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A double amputee and lifelong Dodgers fan will walk on field and throw the first pitch

A double amputee and lifelong Dodgers fan will walk on field and throw the first pitch
Mark Andersen will throw out the first pitch at Dodger Stadium. (Courtesy of Achilles Prosthetics and Orthotics)

Eighteen years ago, Mark Andersen lost both of his legs in a boating accident. On Monday, the lifelong baseball fan will walk to the mound and throw out the ceremonial first pitch at Dodger Stadium.

Andersen grew up attending Dodgers games with his father and has remained a dedicated fan. A new pair of prosthetic legs further cemented the Santa Maria man’s devotion to the team.

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The use of prosthetics does not always allow for comfort. Stationary prosthetic feet have made it difficult for Andersen to walk and run. But over time, the prosthetics have gotten better. When prosthetics company Ottobock recently asked whether he’d try a new prosthetic foot — one that connects to a smartphone and moves heel-to-toe when walking — Andersen said yes.

Wrapped in Dodger blue and covered in the logo of his favorite baseball team, the prosthetic legs he was to be outfitted with sparked an idea. Working with Andersen’s daughter Megan Andersen, Keith Severson, the director of patient care and support at Achilles Prosthetics and Orthotics, reached out to the Dodgers on social media.

He doesn’t realize how important his journey is to people.


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“I just had a hope that maybe his family could get a chance to see him honored in the midst of his beloved Dodgers and surprise him with what he would feel is an honor of a lifetime,” Severson told the Santa Barbara Noozhawk.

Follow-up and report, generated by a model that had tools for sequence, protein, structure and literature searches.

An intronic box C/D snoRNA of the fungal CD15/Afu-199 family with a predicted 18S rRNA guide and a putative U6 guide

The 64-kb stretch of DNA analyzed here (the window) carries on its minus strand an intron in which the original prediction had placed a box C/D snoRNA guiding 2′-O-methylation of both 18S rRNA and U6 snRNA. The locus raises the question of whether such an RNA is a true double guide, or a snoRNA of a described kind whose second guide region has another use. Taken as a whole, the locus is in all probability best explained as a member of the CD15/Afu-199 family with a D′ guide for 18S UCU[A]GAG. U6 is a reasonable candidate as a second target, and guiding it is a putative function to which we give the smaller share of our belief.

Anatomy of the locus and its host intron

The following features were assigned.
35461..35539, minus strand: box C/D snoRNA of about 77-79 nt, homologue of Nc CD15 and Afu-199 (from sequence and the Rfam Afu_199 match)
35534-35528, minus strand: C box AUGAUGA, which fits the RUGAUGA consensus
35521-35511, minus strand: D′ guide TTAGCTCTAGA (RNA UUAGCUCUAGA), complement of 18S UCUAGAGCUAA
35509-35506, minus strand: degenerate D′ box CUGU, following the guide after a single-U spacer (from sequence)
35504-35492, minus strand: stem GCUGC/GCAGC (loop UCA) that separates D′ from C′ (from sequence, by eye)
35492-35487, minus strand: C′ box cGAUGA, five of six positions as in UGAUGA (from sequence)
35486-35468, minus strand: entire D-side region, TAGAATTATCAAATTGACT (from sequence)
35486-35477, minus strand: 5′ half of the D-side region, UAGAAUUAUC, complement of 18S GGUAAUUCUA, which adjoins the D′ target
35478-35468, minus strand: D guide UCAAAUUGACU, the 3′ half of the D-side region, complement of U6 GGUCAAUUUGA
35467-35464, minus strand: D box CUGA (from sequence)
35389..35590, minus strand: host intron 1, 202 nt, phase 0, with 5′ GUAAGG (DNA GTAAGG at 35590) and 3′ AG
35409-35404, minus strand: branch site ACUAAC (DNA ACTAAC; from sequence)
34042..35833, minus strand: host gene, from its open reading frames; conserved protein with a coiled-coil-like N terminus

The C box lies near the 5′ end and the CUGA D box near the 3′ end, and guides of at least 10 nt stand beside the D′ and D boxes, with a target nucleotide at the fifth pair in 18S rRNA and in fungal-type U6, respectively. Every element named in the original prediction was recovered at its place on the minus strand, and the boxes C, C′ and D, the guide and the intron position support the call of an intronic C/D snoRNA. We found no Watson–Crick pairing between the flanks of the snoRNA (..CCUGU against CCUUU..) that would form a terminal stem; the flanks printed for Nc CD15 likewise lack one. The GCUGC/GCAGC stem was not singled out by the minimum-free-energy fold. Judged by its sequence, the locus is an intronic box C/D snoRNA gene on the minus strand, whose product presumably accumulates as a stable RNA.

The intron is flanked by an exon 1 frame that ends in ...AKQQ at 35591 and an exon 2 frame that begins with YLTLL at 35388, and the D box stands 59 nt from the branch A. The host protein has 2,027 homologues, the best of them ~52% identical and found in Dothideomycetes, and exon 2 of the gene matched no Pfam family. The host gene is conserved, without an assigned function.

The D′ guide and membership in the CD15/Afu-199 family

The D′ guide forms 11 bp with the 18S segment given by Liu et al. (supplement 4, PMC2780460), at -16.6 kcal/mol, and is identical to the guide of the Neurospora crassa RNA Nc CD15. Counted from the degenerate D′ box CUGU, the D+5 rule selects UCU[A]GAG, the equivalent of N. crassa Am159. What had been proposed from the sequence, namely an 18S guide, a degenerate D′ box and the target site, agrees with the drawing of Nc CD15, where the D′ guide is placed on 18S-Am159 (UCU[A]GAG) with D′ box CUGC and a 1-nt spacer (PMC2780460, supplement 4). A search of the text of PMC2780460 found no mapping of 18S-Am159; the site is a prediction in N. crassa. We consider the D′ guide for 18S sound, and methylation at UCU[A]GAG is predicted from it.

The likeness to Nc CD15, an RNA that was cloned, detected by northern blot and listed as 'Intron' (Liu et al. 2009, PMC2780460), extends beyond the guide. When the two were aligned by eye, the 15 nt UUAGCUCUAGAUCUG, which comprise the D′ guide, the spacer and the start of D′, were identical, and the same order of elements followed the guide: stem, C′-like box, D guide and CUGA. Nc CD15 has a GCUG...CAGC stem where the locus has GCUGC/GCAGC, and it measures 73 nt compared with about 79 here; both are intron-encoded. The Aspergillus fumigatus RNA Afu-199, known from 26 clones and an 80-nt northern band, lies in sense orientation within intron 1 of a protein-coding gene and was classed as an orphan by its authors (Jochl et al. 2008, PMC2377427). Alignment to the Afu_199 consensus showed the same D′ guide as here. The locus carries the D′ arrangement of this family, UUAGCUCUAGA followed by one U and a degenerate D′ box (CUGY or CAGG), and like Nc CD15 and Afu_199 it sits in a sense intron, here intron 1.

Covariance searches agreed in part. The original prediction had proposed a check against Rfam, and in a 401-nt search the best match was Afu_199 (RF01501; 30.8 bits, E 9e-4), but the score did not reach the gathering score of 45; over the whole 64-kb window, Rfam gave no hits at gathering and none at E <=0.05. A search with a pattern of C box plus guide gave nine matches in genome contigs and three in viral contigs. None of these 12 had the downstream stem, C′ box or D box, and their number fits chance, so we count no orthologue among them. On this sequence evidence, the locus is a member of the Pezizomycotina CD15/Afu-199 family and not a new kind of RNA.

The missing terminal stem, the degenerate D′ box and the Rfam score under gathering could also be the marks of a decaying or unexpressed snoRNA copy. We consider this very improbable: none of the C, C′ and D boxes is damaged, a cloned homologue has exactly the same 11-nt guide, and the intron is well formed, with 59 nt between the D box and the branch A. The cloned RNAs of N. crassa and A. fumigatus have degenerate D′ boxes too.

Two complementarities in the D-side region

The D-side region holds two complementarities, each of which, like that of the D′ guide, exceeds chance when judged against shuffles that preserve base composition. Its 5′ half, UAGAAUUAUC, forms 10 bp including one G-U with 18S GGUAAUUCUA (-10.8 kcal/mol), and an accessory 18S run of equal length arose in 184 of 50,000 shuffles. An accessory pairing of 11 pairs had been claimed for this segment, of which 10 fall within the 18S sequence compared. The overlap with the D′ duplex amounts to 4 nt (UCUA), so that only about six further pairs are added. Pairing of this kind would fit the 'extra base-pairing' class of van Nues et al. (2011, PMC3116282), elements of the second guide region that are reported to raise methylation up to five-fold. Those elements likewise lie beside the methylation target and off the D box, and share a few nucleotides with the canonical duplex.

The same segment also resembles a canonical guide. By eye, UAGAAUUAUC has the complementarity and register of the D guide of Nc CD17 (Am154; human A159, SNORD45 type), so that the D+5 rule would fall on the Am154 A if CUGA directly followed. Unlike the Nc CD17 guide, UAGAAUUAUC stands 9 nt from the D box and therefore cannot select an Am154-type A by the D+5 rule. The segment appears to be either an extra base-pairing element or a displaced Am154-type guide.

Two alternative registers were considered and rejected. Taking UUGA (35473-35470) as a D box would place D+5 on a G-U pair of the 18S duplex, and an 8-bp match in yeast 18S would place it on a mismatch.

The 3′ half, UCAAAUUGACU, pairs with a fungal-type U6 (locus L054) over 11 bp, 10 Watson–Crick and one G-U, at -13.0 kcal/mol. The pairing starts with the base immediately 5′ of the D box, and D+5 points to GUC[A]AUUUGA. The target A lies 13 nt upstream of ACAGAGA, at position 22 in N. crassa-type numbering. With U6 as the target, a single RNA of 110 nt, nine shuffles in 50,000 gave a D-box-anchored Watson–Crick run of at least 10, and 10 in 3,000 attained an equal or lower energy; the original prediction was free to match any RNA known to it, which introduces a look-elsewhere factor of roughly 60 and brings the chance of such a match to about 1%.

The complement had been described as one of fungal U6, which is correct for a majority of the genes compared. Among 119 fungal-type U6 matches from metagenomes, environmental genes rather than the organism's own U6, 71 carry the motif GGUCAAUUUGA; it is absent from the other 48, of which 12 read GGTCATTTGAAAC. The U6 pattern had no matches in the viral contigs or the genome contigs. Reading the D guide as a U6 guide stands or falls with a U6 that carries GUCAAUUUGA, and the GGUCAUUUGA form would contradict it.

The day Andersen was scheduled to receive what he believed was an adjustment on his new prosthetics, the double amputee instead received a plaque and a letter from the Dodgers informing him that he would throw out the ceremonial first pitch at the Dodgers-Atlanta Braves game on Monday. His daughter said he was in shock.

“He was like: ‘No way. There’s no way. Why would they choose me?’ He doesn’t realize how important his journey is to people,” she said.

“My mind went blank,” Andersen said.

Since the boating accident, Andersen has remained active. Despite some discomfort with previous prosthetics, he walks and has coached Little League. He even bought a boat in spite of his past bad experience.

“It’s always been tough for me to be an inspiration, but it kind of works,” Andersen told the Santa Maria Times. “When I became an amputee, I realized how many other people have to go through this. So if I can inspire them to show them that life goes on, that you can really go back to being a normal person, then I am happy to do that.”

Andersen’s first pitch is a gift from the Dodgers’ Blue Wish program, which typically grants wishes to children and adults facing life-threatening illnesses.

As for his expectations for the game, Andersen hopes he won’t bounce the ball. Mostly, he’s planning to savor the time on the field.

“I’ve been going to Dodger Stadium for 50 years. I’ve been throwing this pitch since I was 7 years old.”

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